You might remember Tooty Nolan from my previous post, Hamster Fiction — The Next Big Thing? This author’s books are now available for download for under two dollars. If you’ve ever read his innovative and often bawdy and humorous work, you’ll know that’s a bargain.
If you haven’t read his work, check out the author’s new blog, Oh Look – It’s Tooty Nolan Again!, where you’ll find selected chapters from all of his books, including the brand new story, The Psychic Historian. (Purchase the e-book here, or read extracts from The Psychic Historian here). Tooty Nolan warns in his book description:
Warning: Contains Ribald material. Not suitable for younger children or prudes.
Support this struggling author and buy a book. Or, if you can’t spare the cash right now but you like his stories, leave a comment on his blog and let him know. Authors need cash, love, and feedback. Do what you can.
I have been coming across a lot of Indian blogs lately. While I haven’t been intentionally seeking them out, I do enjoy getting a different cultural perspective on things. Recently, I came across a post by “Guru” (an abbreviation of his name and not a claim to any special spiritual knowledge or powers).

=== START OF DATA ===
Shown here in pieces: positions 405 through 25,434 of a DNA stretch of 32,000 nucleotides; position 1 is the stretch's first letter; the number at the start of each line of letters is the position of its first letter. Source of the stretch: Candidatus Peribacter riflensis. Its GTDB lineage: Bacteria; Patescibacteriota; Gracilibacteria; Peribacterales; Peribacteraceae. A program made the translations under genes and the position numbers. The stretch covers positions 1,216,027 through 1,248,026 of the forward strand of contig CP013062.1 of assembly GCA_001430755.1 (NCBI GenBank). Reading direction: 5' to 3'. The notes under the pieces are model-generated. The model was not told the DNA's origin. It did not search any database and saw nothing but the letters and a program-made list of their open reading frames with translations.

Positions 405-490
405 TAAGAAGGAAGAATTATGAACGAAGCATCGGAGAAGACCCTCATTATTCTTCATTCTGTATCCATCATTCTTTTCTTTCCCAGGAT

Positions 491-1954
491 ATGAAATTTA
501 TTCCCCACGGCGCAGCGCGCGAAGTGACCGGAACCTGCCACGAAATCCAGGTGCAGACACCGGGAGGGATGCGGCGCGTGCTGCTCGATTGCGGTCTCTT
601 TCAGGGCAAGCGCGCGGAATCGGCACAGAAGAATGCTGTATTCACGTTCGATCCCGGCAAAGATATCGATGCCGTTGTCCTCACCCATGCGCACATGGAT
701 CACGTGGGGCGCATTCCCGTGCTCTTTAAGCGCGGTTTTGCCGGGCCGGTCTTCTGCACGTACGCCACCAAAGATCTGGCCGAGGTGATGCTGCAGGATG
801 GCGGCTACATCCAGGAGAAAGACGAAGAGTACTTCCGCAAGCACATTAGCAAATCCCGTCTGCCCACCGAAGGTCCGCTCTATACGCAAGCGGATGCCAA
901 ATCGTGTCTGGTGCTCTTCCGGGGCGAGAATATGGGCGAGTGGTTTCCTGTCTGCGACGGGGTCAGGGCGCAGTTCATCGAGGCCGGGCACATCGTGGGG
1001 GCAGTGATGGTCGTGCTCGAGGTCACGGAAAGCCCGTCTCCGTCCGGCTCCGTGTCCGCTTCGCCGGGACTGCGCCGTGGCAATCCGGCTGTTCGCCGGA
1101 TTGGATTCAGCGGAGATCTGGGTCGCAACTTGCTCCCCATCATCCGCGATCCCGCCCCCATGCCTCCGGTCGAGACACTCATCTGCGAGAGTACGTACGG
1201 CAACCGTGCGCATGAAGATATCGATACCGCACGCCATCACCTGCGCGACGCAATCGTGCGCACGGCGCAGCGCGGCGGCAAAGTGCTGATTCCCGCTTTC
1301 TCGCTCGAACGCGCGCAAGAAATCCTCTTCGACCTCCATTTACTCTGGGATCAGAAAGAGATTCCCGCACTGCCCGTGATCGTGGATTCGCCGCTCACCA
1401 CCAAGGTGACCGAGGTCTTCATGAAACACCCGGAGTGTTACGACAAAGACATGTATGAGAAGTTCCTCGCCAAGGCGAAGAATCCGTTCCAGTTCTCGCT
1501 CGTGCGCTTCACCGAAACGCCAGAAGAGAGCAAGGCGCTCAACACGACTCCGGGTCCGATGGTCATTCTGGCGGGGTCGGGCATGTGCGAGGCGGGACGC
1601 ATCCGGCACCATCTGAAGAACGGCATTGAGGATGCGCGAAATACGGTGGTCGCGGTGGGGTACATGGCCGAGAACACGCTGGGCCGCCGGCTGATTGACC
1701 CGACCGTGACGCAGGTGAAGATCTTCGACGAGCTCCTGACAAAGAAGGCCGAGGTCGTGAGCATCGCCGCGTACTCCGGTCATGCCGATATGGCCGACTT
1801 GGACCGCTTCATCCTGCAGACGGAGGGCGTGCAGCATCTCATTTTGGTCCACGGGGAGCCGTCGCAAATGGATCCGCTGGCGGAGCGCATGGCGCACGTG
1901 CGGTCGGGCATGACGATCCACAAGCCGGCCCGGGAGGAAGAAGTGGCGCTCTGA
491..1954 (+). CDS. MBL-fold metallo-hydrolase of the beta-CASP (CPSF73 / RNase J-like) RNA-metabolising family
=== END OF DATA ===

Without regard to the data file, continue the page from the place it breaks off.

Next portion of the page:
The post is titled The Man Who Sold More Books Than Rowling and is regarding the author, Harold Robbins. Robbins apparently didn’t limit his story-telling to novels, but enhanced the story of his own life to journalists and even family and friends. As a result, when he died, newspapers didn’t print the true details of his life but the fantastical ones he had invented, which the papers incorrectly assumed to be the truth. (Read a biography of Harold Robbins at who2.com.)
Guru also has a book list on his site (books he wants to read) that avid readers might be interested in.
Guru, a Ph.D. and scientist, also blogs about a lot of sciency things, some of which are over my head (did you know that the presence of ferrotoroidic order is quantified by a vector, called the toroidization? yeah, me neither). But most of which are interesting even to the average person, such as this one about informational cascade, which looks at how the chances of people coming up with the correct answer to a question can be increased or decreased when they answer as a group.
Guru’s blog is called Entertaining Research and is full of interesting information, so check it out.